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Unbroken – Review
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WHAT’S IT ABOUT?

During the Second World War, American Olympic middle-distance runner Louis Zamperini (Jack O’Connell) was serving as a bombardier with the US Air Force in the far east.

In 1943, his bomber crashed into the sea. Only two of the crew survived long enough to be rescued. The only problem was, they were rescued by the enemy.

Held captive in a brutal Japanese Prisoner-of-War camp, he was assumed dead by friends and family back home. The ruthless officer in charge of the camp, Sergeant Watanabe (Takamasa Ishihara), took a dislike to Louis and took pleasure in beating and humiliating him.

With little chance of escape, Louis and his fellow prisoners knew that their best hope of getting home was simply to survive the war. Despite being pushed to the limit, physically and mentally, every day, Louis refused to give up his determination to beat the system.

WHAT’S IT LIKE?

On one level, Unbroken is an exciting and moving tale of an American war-hero, but when broken down into its constituent parts, true or not, each element has been done better in earlier films and there are no prizes for combining them in one film, true or not. It leaves a film that feels oddly tired.

How many times have we seen films about athletes rising from obscurity to reach the top of their game? We’ve certainly seem a film or two about America’s war effort – many of them featuring bombardiers. The past couple of years have seen Life of Pi and All is Lost as examples of protagonists lost at sea. And prisoner-of-war camps are hardly a rarity on the big screen.

Furthermore, this prisoner or war camp seems to have been toned down, somewhat. The real-life Watanabe is reported to have beaten many of his prisoners, fractured their windpipes, ruptured their ear-drums, shattered their teeth, tied them to trees, among other things – but here, he seems to reserve all his ire for Zamperini, and while his treatment of our hero could hardly be described as friendly, Unbroken suggests a begrudging respect between the pair; it’s as if they might even have been close friends had the war not intervened. This makes the stand-off between the pair seem almost more like an honourable battle of wits than a punishing example of mindless brutality.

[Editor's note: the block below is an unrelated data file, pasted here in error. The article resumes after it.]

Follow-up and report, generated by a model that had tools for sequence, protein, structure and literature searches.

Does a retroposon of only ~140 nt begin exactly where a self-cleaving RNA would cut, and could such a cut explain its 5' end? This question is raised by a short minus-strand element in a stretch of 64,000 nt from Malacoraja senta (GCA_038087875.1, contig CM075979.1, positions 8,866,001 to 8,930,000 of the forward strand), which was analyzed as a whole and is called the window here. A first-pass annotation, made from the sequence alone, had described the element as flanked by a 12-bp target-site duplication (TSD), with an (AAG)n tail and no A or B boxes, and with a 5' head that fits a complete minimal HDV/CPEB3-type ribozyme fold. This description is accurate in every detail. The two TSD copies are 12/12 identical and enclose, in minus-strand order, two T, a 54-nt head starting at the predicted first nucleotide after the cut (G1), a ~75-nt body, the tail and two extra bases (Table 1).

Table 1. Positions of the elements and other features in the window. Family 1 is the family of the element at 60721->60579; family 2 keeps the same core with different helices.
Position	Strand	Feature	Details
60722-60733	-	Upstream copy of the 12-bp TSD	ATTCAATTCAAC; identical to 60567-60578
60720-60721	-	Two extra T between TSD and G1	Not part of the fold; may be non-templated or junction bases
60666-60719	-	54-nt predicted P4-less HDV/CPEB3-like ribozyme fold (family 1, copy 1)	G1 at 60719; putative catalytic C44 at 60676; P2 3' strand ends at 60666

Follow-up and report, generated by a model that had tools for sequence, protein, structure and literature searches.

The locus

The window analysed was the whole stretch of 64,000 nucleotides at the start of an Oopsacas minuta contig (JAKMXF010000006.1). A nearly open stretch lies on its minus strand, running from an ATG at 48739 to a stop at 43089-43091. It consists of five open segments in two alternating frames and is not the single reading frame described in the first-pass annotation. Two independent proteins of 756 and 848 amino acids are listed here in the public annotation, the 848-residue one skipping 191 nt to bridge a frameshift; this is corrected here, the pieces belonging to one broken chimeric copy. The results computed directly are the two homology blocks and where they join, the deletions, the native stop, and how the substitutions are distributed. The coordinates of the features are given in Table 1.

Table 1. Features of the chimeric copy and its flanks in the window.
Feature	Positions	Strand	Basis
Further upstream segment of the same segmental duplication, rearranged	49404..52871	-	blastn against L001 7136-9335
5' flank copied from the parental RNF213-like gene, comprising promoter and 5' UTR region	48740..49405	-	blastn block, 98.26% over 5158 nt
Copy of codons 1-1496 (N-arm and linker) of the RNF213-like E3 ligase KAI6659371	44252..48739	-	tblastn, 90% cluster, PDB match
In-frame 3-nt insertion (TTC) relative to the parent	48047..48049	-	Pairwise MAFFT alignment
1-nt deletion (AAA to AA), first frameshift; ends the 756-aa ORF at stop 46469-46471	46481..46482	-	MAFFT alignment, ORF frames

While few people would want to share Zamperini’s experience, in this film, hundreds of fellow prisoners do – they’ll all have had their own horror story that led to their capture, they all lived in the spartan conditions at the camp and they all had little choice but to sit out the war and wait for their ordeal to end. In that sense, unlike most other prison dramas, where the protagonists might plan and attempt a dramatic escape, these inmates have a passive existence, simply hoping that one day, the Japanese will surrender and they’ll still be alive when it happens.

If the film is saying that he should have been treated better than other prisoners because he was an Olympic runner, many people might disagree. But if the film is saying that while he was singled out by the camp commander, apart from a handful of moment, many created by his own stubbornness, he wasn’t particularly any more heroic than any other survivor, you might wonder why he deserves his own film and the others don’t.

But despite questions about the narrative – which is always difficult in what purports to be a true story – the bruising existence of prisoners of war and the general story of survival are well presented but Angelina Jolie, who’s developing to be an efficient director, who can tell her story well, without putting too much of her own personality on the screen.

Having decided that – for whatever reason – Louis Zamperini was more of a hero than his fellow prisoners, she and the rising British star Jack O’Connell do an effective job of portraying his ordeal. Zamperini himself, who died at the age of 97 just months before the film’s release, did get to see an early cut and is said to have approved.

Many people familiar with the source material have criticised Jolie for telling only his wartime story and not chronicling his later struggles with anger and alcohol and his eventual redemption through religion, but when making a biopic, the most important thing to decide is which part of someone’s long life to put on film and she has at least been consistent in delivering a coherent narrative that tells a single story, rather than trying to shoe-horn 97 years into 2 hours.

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